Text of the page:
The Syrian Electronic Army counted coup thrice against Microsoft over the weekend, hacking two of the company's official Twitter accounts and its TechNet blog.
Elsewhere in the Middle East, Israeli sources dismiss claims that Iran (or Iranian-inspired hacktivists) hacked Israeli airlines as "psychological warfare." (The reports were disturbing in that they boasted an ability to take down aircraft in flight.) And the Voice of Russia circulates unconfirmed reports that twenty-eight embassies in Tehran were infected with data-mining malware.
East-European cyber-criminal forum "Verified" is hacked and exposed by a rival gang.
Neiman Marcus and other US retailers report Target-like (although not Target-scale) data breaches. The Target caper continues to grow in size and seriousness: more than 100M records, many belonging to non-customers, are now believed to have been compromised. Target confirms finding malware in its point-of-sale devices. Some analysts call the known scope of the Target breach "the tip of the iceberg," and expect more retailers to discover similar problems in their own networks.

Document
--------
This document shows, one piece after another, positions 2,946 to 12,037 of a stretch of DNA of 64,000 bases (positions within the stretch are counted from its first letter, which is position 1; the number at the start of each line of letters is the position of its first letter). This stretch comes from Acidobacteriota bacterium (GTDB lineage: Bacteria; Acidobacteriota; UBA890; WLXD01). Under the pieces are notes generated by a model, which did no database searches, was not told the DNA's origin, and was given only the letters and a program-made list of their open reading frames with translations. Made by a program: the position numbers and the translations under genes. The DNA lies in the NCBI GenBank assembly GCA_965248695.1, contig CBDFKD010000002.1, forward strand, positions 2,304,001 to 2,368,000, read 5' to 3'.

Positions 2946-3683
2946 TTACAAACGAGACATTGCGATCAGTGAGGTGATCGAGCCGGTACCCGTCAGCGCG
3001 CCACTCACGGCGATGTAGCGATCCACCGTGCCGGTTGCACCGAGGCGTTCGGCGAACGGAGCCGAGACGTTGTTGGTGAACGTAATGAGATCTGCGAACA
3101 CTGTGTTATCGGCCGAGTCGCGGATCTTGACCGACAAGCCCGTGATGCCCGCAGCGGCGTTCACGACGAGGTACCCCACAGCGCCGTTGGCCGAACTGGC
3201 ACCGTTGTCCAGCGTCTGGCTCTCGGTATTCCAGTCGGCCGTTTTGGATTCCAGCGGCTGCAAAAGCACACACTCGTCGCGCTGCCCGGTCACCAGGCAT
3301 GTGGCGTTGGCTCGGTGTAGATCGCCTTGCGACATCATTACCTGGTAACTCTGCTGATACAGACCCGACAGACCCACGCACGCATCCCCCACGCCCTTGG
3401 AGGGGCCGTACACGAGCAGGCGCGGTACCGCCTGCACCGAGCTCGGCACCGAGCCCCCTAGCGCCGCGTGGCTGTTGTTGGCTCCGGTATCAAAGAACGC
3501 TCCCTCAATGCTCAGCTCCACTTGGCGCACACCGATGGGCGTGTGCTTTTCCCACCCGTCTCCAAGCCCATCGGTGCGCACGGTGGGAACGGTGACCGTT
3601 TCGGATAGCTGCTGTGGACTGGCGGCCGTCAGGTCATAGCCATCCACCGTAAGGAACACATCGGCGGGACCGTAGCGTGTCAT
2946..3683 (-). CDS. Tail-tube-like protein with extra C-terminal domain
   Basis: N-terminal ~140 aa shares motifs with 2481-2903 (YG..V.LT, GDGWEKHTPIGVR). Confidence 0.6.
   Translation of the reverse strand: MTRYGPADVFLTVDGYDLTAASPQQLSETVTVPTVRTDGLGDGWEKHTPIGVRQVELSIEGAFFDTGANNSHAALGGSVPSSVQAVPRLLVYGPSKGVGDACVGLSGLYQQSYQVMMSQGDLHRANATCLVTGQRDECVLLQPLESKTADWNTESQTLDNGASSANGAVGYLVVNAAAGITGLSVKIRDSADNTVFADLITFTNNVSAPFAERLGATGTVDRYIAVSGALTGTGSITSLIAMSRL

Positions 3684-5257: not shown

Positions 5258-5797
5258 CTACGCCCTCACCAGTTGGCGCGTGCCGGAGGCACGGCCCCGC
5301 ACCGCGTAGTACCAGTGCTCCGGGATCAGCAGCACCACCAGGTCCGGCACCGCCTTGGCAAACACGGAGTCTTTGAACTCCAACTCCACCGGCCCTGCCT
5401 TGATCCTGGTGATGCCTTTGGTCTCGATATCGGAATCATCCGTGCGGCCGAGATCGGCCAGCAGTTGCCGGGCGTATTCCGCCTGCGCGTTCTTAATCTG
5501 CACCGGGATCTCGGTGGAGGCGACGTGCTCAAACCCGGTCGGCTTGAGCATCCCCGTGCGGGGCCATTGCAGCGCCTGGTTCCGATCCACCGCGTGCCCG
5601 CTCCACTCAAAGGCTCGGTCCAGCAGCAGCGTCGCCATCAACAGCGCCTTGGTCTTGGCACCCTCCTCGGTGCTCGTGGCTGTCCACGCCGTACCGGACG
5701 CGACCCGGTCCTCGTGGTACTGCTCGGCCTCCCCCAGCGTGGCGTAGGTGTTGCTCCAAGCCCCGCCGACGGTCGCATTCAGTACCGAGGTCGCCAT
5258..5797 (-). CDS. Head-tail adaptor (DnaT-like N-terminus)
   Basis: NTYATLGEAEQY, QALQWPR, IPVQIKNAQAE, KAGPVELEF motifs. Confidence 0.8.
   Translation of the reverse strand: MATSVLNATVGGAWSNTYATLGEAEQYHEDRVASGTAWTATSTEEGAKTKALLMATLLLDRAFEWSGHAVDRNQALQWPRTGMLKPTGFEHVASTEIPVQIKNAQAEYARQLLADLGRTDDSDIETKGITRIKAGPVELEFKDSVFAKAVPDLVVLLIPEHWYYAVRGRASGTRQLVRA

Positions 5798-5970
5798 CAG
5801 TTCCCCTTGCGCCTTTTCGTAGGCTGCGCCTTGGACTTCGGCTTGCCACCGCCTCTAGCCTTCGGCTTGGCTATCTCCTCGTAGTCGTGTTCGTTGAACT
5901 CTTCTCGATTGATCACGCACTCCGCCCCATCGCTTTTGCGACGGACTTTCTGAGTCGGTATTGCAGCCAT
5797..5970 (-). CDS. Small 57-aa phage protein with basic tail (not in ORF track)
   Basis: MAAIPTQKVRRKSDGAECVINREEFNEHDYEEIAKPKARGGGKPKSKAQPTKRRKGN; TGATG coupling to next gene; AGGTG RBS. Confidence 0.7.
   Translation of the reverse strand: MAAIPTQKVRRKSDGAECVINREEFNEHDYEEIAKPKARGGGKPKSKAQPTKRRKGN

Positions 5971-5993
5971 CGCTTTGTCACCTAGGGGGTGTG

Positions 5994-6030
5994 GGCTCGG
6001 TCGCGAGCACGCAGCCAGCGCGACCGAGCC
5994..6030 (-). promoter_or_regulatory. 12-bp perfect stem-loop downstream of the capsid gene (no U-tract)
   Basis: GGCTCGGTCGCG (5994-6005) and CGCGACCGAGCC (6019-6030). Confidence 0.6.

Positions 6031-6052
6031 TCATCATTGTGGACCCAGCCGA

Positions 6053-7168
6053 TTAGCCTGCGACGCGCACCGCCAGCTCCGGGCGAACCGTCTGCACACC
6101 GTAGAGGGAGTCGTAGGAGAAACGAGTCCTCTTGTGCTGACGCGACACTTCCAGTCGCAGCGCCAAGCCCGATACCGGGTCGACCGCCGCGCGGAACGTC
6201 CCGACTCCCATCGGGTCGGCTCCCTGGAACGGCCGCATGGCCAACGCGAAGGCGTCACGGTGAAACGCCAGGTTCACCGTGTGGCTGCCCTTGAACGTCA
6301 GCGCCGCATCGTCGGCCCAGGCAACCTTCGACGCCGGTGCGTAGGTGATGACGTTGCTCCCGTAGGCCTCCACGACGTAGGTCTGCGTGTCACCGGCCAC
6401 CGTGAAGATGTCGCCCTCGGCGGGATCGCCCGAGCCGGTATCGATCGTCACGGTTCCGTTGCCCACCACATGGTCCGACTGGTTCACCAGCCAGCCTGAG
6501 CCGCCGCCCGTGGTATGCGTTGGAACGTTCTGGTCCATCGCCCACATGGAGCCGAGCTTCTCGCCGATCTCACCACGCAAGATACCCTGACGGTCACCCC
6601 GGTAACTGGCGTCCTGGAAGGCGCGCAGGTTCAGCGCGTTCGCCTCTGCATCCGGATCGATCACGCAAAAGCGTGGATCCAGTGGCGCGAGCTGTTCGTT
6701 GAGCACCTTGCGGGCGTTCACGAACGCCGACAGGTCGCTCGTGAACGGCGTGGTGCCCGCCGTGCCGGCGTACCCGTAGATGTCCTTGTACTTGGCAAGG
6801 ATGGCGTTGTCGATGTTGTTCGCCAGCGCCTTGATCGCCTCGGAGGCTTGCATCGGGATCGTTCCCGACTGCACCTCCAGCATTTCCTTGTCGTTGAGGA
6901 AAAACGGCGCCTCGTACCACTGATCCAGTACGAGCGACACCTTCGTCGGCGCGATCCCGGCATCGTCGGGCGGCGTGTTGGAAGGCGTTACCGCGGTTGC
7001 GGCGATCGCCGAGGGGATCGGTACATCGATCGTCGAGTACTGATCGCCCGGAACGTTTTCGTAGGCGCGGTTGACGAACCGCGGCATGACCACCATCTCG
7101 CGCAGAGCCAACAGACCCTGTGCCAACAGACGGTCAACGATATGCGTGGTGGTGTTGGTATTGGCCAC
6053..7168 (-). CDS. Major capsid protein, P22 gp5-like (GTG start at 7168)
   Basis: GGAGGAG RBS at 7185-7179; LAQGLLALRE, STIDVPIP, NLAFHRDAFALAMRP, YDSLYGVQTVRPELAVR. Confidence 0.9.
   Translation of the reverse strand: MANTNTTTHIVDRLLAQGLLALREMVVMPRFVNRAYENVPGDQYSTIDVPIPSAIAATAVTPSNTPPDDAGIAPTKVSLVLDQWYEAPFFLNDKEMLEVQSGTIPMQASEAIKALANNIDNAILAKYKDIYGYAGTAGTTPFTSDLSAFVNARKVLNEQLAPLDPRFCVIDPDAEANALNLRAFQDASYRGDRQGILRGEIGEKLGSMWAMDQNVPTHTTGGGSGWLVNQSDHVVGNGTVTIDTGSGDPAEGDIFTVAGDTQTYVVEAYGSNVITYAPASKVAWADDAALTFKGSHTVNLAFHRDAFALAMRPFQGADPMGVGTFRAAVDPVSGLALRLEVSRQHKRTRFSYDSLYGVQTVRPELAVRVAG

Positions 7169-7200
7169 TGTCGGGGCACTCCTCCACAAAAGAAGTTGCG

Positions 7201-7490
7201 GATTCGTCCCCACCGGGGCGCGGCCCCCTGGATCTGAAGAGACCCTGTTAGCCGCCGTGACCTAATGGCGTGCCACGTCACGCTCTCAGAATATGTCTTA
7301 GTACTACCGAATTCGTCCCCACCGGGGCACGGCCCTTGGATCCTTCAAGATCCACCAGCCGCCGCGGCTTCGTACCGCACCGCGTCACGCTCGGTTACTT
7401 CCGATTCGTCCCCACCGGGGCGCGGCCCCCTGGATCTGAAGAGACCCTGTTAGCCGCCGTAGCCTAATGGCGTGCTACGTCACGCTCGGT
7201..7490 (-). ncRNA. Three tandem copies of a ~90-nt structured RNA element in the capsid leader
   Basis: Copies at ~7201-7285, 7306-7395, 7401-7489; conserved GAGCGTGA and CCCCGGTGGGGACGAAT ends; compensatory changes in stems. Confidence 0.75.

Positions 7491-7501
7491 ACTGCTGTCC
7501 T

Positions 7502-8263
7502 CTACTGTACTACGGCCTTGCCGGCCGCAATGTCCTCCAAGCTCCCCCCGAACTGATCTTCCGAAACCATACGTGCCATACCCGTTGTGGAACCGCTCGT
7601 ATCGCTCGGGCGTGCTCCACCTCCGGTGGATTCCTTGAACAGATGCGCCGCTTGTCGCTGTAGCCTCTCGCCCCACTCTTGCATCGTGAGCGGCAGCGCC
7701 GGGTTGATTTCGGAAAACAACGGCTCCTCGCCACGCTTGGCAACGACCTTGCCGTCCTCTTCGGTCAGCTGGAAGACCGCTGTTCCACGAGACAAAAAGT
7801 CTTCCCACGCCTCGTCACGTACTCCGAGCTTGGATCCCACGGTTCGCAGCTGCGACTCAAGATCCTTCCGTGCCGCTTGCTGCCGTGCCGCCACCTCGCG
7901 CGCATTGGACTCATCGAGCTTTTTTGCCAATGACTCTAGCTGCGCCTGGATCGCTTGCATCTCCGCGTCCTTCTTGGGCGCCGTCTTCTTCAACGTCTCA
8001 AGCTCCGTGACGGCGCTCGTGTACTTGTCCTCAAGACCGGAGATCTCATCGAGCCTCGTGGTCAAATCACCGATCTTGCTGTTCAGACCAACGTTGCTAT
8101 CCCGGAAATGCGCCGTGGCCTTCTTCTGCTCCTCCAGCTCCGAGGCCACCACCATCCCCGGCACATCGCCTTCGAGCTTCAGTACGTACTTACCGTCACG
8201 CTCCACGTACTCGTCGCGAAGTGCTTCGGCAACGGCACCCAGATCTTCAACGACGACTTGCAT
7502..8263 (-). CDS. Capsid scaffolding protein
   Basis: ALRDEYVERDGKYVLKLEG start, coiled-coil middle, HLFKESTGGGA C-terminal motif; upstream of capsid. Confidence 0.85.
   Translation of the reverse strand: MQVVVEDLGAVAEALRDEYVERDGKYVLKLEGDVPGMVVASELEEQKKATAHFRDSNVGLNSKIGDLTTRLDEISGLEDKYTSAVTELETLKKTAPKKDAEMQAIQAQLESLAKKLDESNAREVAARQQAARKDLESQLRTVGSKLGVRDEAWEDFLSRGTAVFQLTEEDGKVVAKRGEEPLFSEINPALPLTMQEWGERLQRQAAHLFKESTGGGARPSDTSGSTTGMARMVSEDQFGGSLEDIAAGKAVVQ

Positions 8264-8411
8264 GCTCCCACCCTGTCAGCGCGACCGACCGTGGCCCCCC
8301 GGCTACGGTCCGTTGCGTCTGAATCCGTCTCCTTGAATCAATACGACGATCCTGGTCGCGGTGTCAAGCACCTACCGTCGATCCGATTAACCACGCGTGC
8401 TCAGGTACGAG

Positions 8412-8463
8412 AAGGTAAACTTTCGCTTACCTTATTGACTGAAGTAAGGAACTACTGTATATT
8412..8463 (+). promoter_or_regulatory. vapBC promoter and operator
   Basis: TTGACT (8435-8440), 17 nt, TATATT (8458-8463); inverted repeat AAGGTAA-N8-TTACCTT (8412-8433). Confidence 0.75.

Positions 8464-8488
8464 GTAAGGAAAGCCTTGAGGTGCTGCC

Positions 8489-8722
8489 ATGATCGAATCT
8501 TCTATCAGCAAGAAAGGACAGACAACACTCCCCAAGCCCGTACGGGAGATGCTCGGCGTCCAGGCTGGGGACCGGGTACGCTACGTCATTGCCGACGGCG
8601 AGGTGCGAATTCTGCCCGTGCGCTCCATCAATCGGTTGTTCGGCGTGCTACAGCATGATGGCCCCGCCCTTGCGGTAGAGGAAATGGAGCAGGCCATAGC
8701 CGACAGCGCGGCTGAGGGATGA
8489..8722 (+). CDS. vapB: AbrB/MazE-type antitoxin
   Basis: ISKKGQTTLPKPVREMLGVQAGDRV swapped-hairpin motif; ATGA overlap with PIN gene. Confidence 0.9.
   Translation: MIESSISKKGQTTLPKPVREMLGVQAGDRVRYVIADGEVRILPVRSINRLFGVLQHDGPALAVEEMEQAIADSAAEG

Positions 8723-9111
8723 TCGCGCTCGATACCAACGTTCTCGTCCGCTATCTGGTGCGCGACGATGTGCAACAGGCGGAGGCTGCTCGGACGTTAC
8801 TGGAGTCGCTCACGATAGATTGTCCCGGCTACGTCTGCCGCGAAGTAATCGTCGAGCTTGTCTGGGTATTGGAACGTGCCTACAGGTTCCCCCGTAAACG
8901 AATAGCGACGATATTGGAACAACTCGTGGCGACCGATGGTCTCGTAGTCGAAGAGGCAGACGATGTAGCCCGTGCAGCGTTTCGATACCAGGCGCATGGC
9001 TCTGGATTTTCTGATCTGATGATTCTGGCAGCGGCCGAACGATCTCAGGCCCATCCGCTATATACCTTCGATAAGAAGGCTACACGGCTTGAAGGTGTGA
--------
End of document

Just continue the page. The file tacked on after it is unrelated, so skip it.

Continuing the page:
Yahoo! finds its exploitation by a Bitcoin-mining botnet more extensive than previously believed, with more infections outside Europe (mostly in Asia) than within.
An undocumented firmware backdoor is found in some Cisco routers; Cisco promises to close it as soon as possible.
Oracle will issue "hundreds" of patches tomorrow. (Microsoft is expected to release only four.)
Surveillance backlash continues to bedevil US companies' international market position. (Canadian firms seek to benefit). President Obama is expected to announce his plans for the future of surveillance policy this Friday.